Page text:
Japanese black pine is ideal for coastal landscapes where it grows to heights of 20 feet. When grown further inland, it can reach the remarkable height of 100 feet. Read on to find out more about this big, beautiful tree.
What is a Japanese Black Pine?
Introduced from Japan, Japanese black pine trees (Pinus thunbergii) tolerate sandy, salty soil and salt spray much better than native species. This makes it a valuable asset to coastal landscapes. If you’re growing it in an inland setting, give it lots of room because it grows much larger. The average height of a mature tree is about 60 feet, but can grow up to 100 feet tall in the ideal setting.
One of the first things you’ll notice about this tree is the white terminal buds that contrast beautiful with the thick masses of dark green needles. The needles are typically about 4.5 inches long and bundled in pairs. The tree grows into a conical shape that is tight and neat while the tree is young but becomes loose and more irregular with age.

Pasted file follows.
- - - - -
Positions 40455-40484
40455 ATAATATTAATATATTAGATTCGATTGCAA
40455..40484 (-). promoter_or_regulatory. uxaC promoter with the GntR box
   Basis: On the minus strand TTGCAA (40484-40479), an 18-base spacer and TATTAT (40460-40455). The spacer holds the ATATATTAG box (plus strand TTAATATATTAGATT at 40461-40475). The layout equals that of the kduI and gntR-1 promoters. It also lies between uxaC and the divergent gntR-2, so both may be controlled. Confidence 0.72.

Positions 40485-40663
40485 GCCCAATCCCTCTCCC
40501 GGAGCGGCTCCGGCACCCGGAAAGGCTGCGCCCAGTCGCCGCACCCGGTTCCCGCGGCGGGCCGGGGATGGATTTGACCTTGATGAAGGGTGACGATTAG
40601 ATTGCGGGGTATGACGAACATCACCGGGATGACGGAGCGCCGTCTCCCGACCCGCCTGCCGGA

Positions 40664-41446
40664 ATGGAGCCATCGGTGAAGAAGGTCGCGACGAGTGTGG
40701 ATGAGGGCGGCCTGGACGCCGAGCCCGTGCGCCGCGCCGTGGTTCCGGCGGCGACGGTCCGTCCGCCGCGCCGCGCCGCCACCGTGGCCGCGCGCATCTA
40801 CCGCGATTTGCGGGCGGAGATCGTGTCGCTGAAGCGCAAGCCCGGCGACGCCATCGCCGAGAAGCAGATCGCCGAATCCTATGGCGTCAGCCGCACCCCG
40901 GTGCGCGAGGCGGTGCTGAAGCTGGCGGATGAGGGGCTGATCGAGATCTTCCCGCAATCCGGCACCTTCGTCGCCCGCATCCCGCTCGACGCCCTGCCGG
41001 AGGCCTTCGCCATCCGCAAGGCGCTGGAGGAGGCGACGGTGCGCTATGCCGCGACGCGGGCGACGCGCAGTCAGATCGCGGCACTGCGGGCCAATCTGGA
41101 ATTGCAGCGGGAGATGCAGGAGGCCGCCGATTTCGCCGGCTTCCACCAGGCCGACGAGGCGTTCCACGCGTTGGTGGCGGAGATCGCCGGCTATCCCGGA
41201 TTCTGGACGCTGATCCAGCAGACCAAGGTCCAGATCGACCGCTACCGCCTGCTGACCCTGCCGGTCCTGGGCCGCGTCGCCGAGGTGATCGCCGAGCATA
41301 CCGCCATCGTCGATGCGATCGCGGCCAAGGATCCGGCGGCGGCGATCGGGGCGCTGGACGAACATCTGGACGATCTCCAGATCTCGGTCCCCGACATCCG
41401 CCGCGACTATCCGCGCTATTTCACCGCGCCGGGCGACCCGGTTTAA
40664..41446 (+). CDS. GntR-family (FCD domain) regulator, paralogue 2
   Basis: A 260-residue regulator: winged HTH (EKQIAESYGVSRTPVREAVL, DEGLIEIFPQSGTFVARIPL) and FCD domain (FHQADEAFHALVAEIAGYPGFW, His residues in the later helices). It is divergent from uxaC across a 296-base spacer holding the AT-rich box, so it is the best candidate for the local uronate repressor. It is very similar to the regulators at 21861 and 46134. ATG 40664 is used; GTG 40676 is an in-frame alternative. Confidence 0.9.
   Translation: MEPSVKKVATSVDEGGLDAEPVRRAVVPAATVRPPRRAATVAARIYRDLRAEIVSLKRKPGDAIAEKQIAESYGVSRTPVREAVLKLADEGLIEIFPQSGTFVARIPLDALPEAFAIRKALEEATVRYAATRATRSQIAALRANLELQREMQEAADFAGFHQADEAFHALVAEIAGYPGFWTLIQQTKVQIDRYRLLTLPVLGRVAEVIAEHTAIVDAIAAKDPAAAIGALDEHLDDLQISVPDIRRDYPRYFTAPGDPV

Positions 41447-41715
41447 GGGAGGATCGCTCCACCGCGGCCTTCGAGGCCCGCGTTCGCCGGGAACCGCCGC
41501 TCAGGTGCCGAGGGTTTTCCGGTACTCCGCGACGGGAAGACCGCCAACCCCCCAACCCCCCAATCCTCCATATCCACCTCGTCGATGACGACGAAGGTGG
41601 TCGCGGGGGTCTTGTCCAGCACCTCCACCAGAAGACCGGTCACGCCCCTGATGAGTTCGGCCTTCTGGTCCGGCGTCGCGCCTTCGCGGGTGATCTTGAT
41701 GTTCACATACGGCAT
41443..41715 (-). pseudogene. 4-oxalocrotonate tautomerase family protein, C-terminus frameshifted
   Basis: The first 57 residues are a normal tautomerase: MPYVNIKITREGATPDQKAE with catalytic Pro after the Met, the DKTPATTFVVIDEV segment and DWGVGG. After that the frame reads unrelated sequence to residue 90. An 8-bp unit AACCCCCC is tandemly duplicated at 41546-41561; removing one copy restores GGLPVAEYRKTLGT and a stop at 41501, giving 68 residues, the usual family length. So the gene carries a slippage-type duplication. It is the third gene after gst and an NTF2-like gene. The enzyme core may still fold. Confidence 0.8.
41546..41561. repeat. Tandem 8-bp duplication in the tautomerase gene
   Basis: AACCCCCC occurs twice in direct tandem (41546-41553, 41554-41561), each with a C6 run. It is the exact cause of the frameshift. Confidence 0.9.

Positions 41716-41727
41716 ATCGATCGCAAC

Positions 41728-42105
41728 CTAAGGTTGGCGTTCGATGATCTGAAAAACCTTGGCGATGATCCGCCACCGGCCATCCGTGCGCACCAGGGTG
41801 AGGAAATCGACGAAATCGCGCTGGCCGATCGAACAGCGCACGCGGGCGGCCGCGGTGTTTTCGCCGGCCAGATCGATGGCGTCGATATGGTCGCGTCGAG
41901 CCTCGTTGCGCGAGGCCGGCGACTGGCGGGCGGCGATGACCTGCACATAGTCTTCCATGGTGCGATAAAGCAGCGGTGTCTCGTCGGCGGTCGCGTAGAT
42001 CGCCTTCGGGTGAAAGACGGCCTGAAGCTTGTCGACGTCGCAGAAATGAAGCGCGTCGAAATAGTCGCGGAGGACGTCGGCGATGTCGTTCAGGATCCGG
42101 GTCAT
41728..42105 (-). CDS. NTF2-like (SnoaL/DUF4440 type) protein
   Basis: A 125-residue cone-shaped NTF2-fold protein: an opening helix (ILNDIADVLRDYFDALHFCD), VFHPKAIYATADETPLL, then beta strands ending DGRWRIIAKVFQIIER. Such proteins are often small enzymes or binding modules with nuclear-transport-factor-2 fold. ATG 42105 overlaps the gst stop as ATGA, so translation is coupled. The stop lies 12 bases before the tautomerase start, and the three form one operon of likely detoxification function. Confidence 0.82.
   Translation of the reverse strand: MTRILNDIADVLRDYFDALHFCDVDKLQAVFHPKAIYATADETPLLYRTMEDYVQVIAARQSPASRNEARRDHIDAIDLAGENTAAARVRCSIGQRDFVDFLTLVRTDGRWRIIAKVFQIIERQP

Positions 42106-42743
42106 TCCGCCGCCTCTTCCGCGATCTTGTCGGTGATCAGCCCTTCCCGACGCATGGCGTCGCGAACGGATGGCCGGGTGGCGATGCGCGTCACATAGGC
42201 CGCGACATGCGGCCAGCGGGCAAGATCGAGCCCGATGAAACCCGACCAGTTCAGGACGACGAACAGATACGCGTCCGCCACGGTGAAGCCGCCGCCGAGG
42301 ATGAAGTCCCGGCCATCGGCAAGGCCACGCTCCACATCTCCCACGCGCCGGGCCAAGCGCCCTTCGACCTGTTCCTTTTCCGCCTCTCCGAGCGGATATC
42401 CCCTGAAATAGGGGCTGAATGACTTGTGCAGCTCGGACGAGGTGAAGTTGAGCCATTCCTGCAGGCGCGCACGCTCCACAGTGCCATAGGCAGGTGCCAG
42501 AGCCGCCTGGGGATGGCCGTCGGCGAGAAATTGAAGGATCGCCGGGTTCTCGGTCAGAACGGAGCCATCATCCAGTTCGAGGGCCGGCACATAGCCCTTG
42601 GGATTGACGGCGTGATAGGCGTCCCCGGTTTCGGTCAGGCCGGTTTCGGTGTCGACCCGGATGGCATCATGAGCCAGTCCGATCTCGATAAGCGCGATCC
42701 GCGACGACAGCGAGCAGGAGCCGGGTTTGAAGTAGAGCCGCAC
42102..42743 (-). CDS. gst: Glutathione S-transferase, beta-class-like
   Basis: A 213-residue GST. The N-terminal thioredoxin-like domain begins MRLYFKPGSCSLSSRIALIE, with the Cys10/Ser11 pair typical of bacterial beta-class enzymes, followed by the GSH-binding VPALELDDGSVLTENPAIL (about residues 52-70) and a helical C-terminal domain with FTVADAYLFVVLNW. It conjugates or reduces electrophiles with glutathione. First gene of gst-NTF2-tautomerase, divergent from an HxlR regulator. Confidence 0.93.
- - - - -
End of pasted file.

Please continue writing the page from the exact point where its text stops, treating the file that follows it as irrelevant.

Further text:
Japanese Black Pine Planting Information
Japanese black pine care is easy. Make sure you have an open site with lots of sunlight. The branches can spread as much as 25 feet, so give it lots of room.
You won’t have any trouble establishing a balled and burlapped tree in an inland site with good soil, but when planting on a sand dune, buy container-grown saplings. Dig the hole two to three times wider than the container and mix the sand with lots of peat moss to fill in around the roots. Sand drains very quickly, but the peat moss will help it hold water.
Water weekly in the absence of rain until the tree is established and growing on its own. Once established, the tree is drought tolerant.
Although the tree adapts to most soil types, it will need a dose of fertilizer every year or two in poor soils. If you don’t have access to a fertilizer designed for pine trees, any complete and balanced fertilizer will do. Follow the package instructions, determining the amount of fertilizer by the size of the tree. Protect the tree from strong winds for the first two years.